LIVING: ASK ANNA - SON-IN-LAW'S A REAL BULLY.
Now she's married to a man who's her exact opposite. Unfortunately, he's also a bad-tempered bully.
He orders her around like a skivvy and she panders to his every need and whim. I sometimes wonder whether he bullies her physically when no-one else is around.
I know she's a grown woman now and should be able to fend for herself. But she always used to be cheerful and she looks so tense and miserable these days.
Should I say something or keep quiet and wait for her to ask for help?
JULIA, Rubery A YOU'RE wise not to wade into your daughter's matrimonial affairs too hastily, Julia. Other people's relationships are often too complex and puzzling for outsiders to fathom.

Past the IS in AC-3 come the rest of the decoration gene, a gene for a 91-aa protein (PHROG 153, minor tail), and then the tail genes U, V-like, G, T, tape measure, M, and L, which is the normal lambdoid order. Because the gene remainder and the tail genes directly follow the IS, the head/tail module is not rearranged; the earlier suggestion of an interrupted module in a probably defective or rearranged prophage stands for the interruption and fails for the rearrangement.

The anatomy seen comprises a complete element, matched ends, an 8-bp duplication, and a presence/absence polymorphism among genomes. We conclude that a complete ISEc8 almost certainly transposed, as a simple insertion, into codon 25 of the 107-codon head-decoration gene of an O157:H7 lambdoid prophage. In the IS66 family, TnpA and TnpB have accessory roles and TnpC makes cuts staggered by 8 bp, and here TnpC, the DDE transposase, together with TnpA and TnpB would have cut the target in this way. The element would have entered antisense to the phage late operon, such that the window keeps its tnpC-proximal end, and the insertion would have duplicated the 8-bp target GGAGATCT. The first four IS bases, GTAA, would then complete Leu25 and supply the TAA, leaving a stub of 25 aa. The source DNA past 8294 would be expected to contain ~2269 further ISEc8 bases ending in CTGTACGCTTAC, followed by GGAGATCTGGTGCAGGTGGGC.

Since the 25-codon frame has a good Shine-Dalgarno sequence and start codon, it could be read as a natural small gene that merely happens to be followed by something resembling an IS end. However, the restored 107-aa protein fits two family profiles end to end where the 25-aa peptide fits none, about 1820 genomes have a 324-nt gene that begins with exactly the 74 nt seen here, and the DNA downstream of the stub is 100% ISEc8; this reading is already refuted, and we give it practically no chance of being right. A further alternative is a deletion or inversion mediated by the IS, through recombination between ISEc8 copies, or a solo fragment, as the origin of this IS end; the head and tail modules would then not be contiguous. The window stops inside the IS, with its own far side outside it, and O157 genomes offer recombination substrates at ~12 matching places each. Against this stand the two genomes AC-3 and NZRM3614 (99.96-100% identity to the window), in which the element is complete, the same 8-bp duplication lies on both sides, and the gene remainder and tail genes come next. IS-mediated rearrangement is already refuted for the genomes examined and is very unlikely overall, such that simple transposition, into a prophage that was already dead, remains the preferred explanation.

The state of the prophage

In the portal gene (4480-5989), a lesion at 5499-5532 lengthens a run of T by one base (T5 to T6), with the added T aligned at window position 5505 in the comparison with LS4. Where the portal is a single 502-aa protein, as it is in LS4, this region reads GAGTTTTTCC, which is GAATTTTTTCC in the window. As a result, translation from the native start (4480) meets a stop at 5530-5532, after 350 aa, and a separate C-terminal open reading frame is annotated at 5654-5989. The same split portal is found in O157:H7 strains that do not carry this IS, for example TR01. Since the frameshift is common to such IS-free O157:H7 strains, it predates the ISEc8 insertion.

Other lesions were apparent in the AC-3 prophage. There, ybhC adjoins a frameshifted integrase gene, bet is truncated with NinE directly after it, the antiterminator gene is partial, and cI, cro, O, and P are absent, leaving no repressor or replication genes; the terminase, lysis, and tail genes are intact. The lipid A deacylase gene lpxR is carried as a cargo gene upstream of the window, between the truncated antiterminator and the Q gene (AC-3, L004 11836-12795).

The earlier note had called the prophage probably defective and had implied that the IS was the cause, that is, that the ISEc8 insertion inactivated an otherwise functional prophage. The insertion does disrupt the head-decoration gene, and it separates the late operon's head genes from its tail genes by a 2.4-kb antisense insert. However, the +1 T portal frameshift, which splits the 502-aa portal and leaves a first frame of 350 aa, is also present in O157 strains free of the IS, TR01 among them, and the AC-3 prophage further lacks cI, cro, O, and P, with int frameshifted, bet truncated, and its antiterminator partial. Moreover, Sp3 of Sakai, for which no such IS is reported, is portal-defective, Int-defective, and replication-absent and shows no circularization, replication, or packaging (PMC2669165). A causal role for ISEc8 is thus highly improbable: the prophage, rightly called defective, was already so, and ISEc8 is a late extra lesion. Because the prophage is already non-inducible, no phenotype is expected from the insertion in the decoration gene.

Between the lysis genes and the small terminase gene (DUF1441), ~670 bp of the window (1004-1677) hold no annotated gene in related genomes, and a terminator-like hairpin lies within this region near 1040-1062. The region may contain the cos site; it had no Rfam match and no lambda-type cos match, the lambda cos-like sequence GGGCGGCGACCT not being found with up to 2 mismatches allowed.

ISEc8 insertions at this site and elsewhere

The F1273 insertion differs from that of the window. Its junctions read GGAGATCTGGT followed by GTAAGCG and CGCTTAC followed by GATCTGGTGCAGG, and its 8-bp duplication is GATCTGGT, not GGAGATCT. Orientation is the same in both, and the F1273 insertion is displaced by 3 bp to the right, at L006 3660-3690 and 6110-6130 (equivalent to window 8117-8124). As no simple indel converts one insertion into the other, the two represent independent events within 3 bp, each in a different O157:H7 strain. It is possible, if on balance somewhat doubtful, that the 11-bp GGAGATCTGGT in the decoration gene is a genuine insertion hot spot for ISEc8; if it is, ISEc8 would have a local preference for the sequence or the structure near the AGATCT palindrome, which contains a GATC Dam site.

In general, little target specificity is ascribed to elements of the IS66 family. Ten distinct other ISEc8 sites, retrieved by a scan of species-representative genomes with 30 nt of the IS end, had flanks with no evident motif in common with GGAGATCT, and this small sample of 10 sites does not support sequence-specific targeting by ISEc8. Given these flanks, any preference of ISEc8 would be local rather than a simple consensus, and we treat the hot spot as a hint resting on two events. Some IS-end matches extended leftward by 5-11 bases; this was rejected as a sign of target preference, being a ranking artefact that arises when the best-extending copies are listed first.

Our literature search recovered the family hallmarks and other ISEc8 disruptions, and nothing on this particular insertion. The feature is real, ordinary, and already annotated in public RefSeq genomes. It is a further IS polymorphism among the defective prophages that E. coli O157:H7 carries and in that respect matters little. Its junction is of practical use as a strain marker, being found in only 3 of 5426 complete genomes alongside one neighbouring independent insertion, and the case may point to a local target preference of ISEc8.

Perhaps your daughter is prepared to tolerate what you consider an unendurable side of her husband's character in exchange for the strength and support he might offer her in other respects.
She might eventually conclude that he's her husband, not her master, but that must be her decision - not yours.
If you really believe she needs help, make it clear to her that you find his attitude difficult to justify and you're always there to listen and to offer advice and support.
Suggest that she might feel more comfortable talking to a disinterested third party like a Relate marriage guidance counsellor, who can be reached on 0121 643 1638.
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|Publication:||Sunday Mercury (Birmingham, England)|
|Date:||Oct 27, 2002|
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